Ich bin ein Profi
In Philipp Tingler’s literary diary, Ich bin ein Profi (I’m a professional), the reader follows the first-person narrator to a meeting of highly-gifted people in Berlin and to the Ingeborg-Bachmann awards ceremony in Klagenfurt. It also describes the hero’s everyday life of shopping sprees, parties and work as an author in Zurich. The reader encounters characters and places that are familiar from Hübsche Versuche, Philipp Tingler’s debut novel and the Swiss literary scene’s great first-novel success in summer 2000. The reader is there when the diary writer struggles with meter maids, parking spot worries and other threats to his existence. The reader is there when the narrator returns to his hometown of Berlin, experiencing the nightlife and revisiting his past. And the reader is there when the diary’s hero participates in the Bachmann reading competition in Klagenfurt and confronts the mask-like quality of the literary scene, “for which beauty is a character flaw and irony is not even recognized when one is hit over the head with it.”
The narrator observes his fellow-men with dissecting keenness. The author’s ironic distanced view targets society and its different types of people—from the staff of the foreign office to the representatives of the literary business world to the public in the “second-rate nightclubs of the lowest order.” The author also targets himself—tense and torn between idleness and a bourgeois bad conscience, between his luxury needs and concerns about his living standard, between looking up to the greats and feeling disdain for mediocrity and the fashion world. This hero is as far away from "Generation X" as he is from "Generation Golf." But the pleasures of expression triumph over all of life’s adversities.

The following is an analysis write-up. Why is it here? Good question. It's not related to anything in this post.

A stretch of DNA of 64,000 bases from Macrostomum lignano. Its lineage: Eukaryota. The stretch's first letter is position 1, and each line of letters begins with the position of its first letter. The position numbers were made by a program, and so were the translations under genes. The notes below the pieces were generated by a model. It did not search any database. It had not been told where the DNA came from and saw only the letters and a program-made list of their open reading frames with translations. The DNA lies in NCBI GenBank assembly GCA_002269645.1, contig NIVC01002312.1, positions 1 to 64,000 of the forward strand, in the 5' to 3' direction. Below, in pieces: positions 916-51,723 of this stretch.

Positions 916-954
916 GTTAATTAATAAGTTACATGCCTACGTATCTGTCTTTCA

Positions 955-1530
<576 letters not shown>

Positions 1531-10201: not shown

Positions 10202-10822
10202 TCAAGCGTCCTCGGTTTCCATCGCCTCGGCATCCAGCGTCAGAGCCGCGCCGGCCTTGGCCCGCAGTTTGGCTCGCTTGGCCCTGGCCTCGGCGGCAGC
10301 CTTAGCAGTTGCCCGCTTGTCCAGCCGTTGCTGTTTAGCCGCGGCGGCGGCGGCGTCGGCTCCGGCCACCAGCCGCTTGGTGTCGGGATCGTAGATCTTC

The narrative style is dominated by distance and montage, by spirit, humor and irony—just what one needs to survive as the offspring of a slightly over-strung upper middle-class family from Zehlendorf. The scheme of the diary is continually interrupted and satirized by insertions of drama, brief stories, memories or reflections. The author, in a virtuoso mastery of language, leaps from classical heights to pointed situational comedy and easy dialogue, switching rapidly between melancholy and sarcasm, criticism and fantasy. Linked to but independent of the diary, the illustrations appear as black and white photographs, snapshots from the author’s life that are accompanied by captions.